Yeasayer Remain Brilliantly Weird on ‘Amen & Goodbye’ (ALBUM REVIEW)

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yeasayerlpYeasayer is one of those bands that sound different on each album, a fact that is both refreshing and frustrating to fans. Though each album sounds distinctively like Yeasayer and like perhaps no one else in the industry, each channels their sound through different filters. All Hour Cymbols is a psychedelic album with Middle-Eastern influences, Odd Blood brings in more rock guitars and pop hooks, and Fragrant World flirts with electronica.

For their fourth album, Amen & Goodbye, Yeasayer mostly leaves behind the thumping bass of Fragrant World, combining aesthetics from their first two albums. It is a pastoral album high in theatrics – from backing choirs to musical interludes – that is driven as much by guitar riffs as by drum loops.

Lead single “I am Chemistry” is the album’s most infectious track, so catchy that it is able to overcome Chris Keating’s weak lyrics. It’s basically just an entire song of Keating comparing himself to toxic chemicals (“A sulfur dichloride with ethylene; I say it again: I am chemistry”).  The wordplay is forgiven, however, thanks to the ornately layered music and dramatic choir.

The bouncy pop song “Silly Me” finds Anand Wilder describing an unhealthy relationship through warm synths and an idiosyncratic guitar line. “Silly me, overreacting,” he sings sarcastically, clearly not overreacting. “Swear not to disagree anymore,” he promises. “I still never know which words I’m supposed to say.”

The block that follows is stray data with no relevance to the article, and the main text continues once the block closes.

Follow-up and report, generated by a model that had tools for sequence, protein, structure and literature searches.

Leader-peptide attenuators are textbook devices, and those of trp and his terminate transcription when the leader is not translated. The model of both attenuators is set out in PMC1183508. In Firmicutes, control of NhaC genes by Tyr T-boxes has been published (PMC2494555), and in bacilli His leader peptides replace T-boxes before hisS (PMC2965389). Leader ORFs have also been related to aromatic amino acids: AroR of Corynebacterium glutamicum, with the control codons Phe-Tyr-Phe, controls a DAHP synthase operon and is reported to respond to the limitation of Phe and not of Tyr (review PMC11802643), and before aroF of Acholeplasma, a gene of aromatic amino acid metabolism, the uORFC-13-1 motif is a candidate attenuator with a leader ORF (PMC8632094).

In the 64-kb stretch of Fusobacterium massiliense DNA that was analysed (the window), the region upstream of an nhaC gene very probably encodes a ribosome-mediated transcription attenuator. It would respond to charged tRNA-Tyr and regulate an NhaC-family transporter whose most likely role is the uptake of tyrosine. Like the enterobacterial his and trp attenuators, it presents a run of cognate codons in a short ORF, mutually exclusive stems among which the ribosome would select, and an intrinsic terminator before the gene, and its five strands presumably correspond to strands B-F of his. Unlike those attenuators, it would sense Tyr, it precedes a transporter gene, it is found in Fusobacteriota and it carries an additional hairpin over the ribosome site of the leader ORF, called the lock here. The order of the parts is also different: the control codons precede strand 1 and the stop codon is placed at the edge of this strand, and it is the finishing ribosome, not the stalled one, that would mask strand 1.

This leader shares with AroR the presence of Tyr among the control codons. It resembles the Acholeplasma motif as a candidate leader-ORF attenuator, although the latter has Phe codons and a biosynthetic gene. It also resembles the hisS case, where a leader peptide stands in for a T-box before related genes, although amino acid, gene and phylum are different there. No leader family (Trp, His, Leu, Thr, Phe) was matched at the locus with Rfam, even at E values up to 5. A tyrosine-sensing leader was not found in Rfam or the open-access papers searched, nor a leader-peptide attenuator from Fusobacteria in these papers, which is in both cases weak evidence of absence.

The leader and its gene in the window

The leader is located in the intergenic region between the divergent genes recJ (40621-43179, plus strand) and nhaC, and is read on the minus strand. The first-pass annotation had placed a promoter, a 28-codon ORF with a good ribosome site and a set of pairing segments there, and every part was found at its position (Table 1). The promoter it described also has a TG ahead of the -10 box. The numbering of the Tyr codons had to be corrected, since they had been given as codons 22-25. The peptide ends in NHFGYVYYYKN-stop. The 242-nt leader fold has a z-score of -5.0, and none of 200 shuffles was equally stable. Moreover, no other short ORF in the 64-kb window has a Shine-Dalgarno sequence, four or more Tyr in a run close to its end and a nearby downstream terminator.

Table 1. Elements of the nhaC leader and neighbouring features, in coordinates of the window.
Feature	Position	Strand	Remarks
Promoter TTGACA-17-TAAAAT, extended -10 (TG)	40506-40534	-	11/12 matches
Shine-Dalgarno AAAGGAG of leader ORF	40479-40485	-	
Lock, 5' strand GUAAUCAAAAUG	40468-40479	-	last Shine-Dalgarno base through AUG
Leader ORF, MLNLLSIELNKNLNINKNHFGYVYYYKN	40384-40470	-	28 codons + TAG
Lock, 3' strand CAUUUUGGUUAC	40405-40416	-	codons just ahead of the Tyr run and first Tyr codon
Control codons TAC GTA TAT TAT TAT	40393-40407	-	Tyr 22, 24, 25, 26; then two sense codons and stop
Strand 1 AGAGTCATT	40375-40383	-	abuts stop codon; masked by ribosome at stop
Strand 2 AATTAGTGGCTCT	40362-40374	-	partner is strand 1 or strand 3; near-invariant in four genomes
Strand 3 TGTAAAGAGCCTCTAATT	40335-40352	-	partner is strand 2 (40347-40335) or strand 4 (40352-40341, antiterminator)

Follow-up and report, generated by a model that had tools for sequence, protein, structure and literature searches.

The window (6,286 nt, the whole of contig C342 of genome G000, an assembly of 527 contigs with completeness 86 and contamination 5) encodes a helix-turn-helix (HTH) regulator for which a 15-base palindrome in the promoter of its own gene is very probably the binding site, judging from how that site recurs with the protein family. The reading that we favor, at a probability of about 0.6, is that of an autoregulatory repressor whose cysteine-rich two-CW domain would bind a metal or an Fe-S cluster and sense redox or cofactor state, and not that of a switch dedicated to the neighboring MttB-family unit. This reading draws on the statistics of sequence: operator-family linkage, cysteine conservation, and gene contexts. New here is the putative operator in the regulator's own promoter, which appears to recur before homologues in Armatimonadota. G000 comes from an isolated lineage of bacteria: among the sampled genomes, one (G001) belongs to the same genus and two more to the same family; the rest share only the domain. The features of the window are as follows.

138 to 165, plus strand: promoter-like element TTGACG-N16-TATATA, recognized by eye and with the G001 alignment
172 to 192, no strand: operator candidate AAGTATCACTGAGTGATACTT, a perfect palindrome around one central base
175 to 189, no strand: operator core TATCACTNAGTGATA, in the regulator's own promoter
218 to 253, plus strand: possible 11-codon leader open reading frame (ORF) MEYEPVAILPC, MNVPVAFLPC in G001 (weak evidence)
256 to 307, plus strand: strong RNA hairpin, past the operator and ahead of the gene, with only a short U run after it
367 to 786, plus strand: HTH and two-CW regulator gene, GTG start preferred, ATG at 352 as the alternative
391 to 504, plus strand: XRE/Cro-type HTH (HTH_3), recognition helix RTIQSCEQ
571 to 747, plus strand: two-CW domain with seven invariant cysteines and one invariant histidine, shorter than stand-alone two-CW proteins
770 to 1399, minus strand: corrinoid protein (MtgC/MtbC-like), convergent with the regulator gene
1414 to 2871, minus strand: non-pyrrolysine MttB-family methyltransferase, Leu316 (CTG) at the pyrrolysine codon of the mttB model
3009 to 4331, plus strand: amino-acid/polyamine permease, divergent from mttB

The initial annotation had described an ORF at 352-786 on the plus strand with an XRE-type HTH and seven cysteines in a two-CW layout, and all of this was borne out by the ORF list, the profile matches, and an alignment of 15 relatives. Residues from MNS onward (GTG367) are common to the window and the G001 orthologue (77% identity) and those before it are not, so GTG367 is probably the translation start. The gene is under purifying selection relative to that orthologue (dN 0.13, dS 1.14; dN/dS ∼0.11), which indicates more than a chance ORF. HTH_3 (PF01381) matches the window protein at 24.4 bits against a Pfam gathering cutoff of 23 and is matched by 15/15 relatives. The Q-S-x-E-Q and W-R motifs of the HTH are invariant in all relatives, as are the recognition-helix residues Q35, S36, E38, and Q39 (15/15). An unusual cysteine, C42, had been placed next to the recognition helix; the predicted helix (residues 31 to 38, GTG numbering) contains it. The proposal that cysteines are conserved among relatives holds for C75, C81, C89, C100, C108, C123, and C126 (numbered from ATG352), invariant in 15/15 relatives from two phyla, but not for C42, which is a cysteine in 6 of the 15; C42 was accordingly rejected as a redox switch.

Spiritual and scientific themes and a general search for meaning are abundant throughout Amen & Goodbye. Opener “Daughters of Cain” asks, “Are we the sons of Seth and the daughters of Cain,” referring to the biblical ancestors, “or are we logos in neurons of the brain?” In the spooky yet highly danceable “Dead Sea Scrolls,” Keating uses pagan imagery to paint a picture of manipulation through false purpose. “It’s just another fake out,” he sings, “a mockup of the Dead Sea Scrolls.”

Wilder uses religious imagery to describe his infatuation in “Divine Simulacrum.” Though at one point he admits that it’s “just a crush,” Wilder goes on to describe her as being “carved from memories” before admitting, “You cannot leave her vision.” As the music gets more grandiose and dramatic, Wilder sings, “She’s Divine Simulacrum and you can’t help the attraction.”

If there’s a complaint about Amen & Goodbye, it’s that, like all Yeasayer albums, it’s too busy. The band loads too many themes, questions, and musical influences into the mix without ever letting any of them truly breathe and take hold. However, like every other Yeasayer album, Amen & Goodbye is a brilliantly catchy collection of eclectic art rock that is entertaining throughout.

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